Second, the teaching of Christ dominates the Gospel of John, but the teaching is not given in parables, as often found in the synoptics, but rather it is in elaborate discourses. This again demonstrates the emphasis John was making. John gives emphasis to Jesus’ early ministry and to His personal ministry to His disciples. Jesus started using parables in His public teaching after the religious leaders had rejected Him and accused Him as being from Beelzebub (Mt. 12). Jesus used parables to reveal the truth to His followers while hiding it from His enemies (Mt. 13:10f). Direct discourse was His method in His early ministry and the appropriate form when privately teaching His disciples.

Third, the main topic of the Gospel of John is not the kingdom, but the King Himself. The focus is on the person of Jesus Christ Himself. with special emphasis on His deity. It is my hope that as we go through this book you will not only increase in knowledge and understanding of Jesus Christ, but that you will increase in love for Him. True Christianity is about Jesus Christ and following Him.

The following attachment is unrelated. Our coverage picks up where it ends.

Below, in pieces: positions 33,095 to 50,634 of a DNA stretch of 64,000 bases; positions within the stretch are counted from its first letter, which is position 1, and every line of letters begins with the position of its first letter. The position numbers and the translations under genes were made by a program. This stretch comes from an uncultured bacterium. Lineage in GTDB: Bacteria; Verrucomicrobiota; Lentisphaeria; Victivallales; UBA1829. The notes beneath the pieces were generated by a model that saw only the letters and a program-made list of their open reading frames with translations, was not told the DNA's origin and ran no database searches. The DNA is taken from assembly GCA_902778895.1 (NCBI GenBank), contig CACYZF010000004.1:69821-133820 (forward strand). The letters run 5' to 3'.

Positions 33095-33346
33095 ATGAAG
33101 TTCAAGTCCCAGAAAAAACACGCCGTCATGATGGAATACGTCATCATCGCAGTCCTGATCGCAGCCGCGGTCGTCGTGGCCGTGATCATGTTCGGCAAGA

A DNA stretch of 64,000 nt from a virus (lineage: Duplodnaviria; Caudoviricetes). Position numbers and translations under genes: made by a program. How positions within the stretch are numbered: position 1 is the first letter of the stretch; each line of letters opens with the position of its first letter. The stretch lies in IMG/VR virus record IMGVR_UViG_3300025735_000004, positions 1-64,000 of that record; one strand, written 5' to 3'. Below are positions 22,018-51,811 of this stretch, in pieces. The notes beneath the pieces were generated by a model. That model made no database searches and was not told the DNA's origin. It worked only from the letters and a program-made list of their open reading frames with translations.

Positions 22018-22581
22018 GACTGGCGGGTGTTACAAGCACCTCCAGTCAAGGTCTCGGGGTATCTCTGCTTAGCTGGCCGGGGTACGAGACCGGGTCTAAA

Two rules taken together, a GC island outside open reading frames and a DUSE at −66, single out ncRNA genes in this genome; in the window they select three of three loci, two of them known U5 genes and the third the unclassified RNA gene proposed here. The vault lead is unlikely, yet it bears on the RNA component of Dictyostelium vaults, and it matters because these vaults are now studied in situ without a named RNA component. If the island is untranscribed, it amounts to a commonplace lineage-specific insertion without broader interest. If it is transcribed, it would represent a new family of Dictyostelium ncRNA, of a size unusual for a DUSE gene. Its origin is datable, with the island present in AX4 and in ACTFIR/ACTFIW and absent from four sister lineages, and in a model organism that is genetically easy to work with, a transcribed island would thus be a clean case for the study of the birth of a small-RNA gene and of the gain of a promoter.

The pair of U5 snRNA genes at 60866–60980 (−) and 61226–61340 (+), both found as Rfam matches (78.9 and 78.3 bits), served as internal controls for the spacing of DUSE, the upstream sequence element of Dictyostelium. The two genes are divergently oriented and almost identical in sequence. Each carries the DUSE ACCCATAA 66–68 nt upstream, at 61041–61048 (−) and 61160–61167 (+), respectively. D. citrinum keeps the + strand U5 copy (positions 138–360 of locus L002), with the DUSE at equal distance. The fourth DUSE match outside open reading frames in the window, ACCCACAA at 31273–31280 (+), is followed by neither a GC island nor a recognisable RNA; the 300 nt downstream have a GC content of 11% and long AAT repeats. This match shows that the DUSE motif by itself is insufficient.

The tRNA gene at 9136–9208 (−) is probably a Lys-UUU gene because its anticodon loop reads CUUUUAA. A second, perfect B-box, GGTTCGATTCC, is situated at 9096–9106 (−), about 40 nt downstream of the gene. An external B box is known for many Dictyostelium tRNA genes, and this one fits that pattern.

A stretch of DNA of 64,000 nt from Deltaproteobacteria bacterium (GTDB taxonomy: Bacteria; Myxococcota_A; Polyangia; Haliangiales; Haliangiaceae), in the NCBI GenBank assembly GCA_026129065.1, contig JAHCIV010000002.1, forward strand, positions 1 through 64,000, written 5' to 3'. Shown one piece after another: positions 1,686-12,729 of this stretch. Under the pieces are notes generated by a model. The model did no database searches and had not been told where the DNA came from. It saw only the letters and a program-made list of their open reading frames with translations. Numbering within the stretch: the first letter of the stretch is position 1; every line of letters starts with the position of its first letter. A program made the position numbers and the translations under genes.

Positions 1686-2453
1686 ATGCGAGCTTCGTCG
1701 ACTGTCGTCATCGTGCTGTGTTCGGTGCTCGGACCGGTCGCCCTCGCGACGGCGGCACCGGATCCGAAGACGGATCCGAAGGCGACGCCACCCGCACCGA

It is my solid conviction that the greater you know and love Jesus Christ the more you will live for Him. You will become more sensitive to and repulsed by sin because it offends the one you love. You will increase in personal holiness because it pleases the one you love. You will serve the Lord with excitement and vigor because it brings honor and glory to the one you love. It is a simple fact that we will arrange our priorities around and sacrifice for that which we love. As our love for Jesus Christ increases, then He will be our priority and what we do with our lives will center around Him. We will then gladly follow Paul’s admonition in Romans 12 to be living sacrifices for Him.

Let me conclude by telling you what godly men of the past have said about the Gospel of John.

Origen, the father of Biblical exegesis, calls John the main Gospel and that only those who lean on the bosom of Jesus can comprehend it.

Chrysostom, the ablest expounder and greatest pulpit orator of the ancient Greek Church extolled the Gospel of John it is “a voice of thunder reverberating through the whole earth; notwithstanding its all-conquering power, it does not utter a harsh sound, but is more love-betwitching and elevating in its influence than all the harmonies of music. It awakens the awe-inspiring consciousness, that it is pregnant with the most precious gifts of grace, which elevate those who appropriate them to themselves above the earthly pursuits of this life, and constitute them citizens of heaven and heirs of the blessedness of angels.